On April 20, 1999, the Columbine High School shooting in Littleton, Colorado occurred. This tragic shooting resulted in the deaths of 12 students and one teacher, and the wounding of 27 others.
In 2000, as a result of this tragic incident and to learn from what occurred Colorado Governor Bill Owens created the Columbine Review Commission. One concerning fact discovered during the review into the shooting was the knowledge others students had about concerning behaviors and activities of the two individuals involved; yet no one spoke up. Students have an unwritten “code of silence” amongst themselves; many times driven by fear of retaliation.
After the Columbine shooting, in an attempt to overcome this reluctance to speak up, Colorado adopted an anonymous school safety tip line - Safe2Tell Colorado in 2004. Initially, this program was run as a non-profit group as part of the Crime Stoppers organization. It was not until 2014 that Colorado passed legislation making Safe2Tell Colorado part of the Attorney General’s office.
Immediately following the Sandy Hook shooting in Sandy Hook, CT, on December 14th, 2012, Governor Mead established the School Safety and Security Task Force to examine school safety in Wyoming. The task force, comprised of a multi-disciplined group, published their findings in a report October 24, 2013. This report had recommendations for three areas of school safety: funding for School Resource Officer programs; developing a framework for school building security; and district and school development of a crisis management team with an emphasis on crisis response trainings including Incident Command Systems for Schools.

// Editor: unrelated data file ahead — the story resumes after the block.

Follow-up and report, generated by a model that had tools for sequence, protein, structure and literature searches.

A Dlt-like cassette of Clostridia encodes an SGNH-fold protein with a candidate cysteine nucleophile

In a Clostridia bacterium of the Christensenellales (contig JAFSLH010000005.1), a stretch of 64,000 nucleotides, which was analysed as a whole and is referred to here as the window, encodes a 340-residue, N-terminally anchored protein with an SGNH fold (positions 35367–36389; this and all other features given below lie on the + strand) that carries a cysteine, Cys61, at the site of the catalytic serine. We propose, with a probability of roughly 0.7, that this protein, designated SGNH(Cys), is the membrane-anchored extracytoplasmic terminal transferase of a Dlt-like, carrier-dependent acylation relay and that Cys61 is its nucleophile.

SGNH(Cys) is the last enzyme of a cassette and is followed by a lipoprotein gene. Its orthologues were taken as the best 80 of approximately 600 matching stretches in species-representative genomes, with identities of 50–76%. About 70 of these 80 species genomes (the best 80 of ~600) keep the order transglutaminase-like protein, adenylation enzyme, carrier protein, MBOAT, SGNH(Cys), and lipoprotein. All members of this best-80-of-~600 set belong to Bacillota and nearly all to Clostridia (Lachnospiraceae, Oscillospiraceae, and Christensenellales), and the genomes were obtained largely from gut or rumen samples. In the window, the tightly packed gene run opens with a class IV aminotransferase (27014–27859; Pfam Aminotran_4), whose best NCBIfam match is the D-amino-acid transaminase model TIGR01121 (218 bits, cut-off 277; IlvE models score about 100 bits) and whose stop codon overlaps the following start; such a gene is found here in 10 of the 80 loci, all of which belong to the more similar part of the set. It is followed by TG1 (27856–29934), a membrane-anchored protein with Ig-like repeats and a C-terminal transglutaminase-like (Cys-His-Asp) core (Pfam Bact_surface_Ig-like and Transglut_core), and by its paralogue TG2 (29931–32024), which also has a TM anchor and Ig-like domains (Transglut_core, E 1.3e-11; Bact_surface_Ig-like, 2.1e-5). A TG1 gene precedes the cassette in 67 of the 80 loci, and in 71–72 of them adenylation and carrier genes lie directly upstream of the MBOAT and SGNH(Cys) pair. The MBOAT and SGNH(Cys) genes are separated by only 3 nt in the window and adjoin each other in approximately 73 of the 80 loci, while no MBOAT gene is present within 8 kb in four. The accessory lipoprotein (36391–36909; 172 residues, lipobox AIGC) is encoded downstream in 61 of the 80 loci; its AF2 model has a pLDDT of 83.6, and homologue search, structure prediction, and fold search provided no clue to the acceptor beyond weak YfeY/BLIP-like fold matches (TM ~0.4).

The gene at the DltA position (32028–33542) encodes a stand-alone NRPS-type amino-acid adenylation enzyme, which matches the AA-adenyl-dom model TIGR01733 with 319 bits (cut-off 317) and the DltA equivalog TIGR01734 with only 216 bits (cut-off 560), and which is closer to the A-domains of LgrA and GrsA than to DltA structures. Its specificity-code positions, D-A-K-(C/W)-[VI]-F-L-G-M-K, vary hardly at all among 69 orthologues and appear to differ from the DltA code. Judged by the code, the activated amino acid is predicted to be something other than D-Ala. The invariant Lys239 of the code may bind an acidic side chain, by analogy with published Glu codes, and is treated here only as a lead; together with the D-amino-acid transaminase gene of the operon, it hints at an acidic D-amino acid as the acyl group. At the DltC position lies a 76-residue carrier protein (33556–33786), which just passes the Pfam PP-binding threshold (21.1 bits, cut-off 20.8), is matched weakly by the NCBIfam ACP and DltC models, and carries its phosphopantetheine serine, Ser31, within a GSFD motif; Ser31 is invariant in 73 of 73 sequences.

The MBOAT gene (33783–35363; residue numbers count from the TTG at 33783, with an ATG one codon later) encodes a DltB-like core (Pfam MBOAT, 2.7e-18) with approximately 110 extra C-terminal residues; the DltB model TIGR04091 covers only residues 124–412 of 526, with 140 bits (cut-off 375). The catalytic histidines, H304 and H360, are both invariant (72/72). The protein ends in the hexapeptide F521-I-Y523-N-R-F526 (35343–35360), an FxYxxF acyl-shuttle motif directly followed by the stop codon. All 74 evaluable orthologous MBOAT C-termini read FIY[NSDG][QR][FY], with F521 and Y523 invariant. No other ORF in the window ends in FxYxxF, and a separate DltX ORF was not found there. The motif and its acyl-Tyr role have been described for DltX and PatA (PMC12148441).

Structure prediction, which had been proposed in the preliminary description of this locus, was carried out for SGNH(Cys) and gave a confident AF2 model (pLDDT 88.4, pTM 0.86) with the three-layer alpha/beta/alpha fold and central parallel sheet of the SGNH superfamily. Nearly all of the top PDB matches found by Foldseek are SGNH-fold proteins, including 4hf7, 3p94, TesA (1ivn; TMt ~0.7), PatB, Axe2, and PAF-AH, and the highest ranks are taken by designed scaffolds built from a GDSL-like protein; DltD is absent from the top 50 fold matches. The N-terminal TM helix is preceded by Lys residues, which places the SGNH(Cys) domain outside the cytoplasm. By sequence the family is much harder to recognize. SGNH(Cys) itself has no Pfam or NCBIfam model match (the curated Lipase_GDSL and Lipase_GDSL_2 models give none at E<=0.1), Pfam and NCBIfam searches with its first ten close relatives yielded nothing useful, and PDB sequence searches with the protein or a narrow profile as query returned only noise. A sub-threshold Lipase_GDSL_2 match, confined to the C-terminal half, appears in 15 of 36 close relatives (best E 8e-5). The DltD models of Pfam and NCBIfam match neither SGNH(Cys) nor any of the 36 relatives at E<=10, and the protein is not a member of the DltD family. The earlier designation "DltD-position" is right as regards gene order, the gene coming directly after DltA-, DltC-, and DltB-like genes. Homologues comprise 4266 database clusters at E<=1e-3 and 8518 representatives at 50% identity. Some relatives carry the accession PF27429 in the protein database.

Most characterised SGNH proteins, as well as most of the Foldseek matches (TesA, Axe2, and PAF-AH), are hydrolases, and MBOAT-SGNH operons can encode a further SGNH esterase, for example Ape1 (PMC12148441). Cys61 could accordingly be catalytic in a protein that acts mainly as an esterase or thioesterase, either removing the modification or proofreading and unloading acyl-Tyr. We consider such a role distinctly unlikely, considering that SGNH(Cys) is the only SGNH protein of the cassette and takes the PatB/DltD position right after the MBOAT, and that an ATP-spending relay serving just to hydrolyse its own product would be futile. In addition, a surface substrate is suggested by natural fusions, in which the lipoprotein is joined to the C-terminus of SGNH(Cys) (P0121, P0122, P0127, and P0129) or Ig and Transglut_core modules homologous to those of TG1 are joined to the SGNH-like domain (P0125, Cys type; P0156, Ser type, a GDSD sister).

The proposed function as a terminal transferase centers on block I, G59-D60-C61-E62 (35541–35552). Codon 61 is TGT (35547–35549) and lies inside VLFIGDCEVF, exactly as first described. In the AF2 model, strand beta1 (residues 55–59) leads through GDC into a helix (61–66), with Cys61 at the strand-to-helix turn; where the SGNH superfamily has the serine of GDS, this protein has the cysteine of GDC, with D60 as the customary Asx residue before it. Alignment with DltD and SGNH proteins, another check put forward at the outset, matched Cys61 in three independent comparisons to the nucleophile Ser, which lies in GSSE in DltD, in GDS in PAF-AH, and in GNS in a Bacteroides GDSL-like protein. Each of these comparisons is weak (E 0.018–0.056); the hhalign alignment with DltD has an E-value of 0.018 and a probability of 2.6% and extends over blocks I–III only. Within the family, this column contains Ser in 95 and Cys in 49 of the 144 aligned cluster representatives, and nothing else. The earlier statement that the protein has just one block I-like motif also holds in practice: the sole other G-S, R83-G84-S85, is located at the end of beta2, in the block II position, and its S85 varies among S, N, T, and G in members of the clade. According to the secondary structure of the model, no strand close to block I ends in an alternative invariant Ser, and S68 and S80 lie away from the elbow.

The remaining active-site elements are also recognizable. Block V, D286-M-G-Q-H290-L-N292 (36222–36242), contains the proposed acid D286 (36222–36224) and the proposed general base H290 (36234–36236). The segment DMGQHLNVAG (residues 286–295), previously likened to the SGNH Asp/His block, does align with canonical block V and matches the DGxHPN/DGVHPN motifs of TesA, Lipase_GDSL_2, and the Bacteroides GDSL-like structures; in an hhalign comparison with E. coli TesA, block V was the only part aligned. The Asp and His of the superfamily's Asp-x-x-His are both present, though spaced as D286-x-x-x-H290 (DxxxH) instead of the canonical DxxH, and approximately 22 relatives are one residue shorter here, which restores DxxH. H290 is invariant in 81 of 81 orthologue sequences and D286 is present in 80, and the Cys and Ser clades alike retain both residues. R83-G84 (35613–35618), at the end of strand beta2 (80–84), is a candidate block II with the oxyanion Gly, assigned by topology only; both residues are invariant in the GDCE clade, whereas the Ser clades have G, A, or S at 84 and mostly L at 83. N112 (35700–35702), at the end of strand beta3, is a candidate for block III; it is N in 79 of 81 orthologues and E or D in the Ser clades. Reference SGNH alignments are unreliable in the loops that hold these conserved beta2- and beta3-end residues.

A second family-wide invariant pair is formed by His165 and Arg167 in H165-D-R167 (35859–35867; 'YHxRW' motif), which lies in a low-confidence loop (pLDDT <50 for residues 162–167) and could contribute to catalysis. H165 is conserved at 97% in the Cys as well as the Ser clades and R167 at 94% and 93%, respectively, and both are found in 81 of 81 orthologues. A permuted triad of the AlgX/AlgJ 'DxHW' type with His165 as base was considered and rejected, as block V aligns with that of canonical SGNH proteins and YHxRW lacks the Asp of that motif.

Concurrently, the Wyoming Legislature’s Joint Education Committee began looking at school safety.
Part of this work involved a presentation by Susan Payne, Founding Executive Director of the Safe2Tell Colorado Program. This presentation ultimately led to the creation of the 2015 Wyoming Legislative House Bill 144 (HB144), sponsored by the Education Committee. This bill contained several provisions, including the development of a school safety tip line. Ultimately however, this bill failed to come out of the legislative process at the conclusion of the 2015 session.
At the conclusion of the 2015 legislative session, school safety and security was placed as an interim topic for the Joint Education Committee. During the June 4th and 5th, 2015, committee meeting, the topic of school safety and tip lines were discussed. After this discussion, the Legislative Service Office was directed to draft a bill to create a program similar to Safe2Tell (Colorado).
During the 2016 Legislative Session, House Bill 15 (HB15), sponsored by the Education Committee, was introduced. Included in HB15 were provisions to create a unit of school safety and security within the Division of Criminal Investigations whose duties would include creating and administering a school safety tip line. HB15 bill failed introduction on the 1st day of the legislative session, February 8, 2016.
As a result of the failure of HB 15, Senator Coe along with co-sponsors; Senators Dockstader, Landen, Pappas and Rothfuss and Representatives Harshman, Krone, Northrup and Sommers sponsored Senate File 97.
Senate File 97 (SF97), a condensed version of 2015 HB 144 and 2016 HB 15, contained requirements for the Attorney General to administer a call center and deliver the information received in a confidential manner. SF97 also created protections for the information collected, specifically stating the information related to the operation of the call center was not considered a public record. SF97 was introduced February 11, 2016, and ultimately passed March 3, 2016. SF97 (W.S.S. 9-1-603(a)(ix)(e)) was signed into law by Governor Mead on March 11, 2016, becoming effective immediately.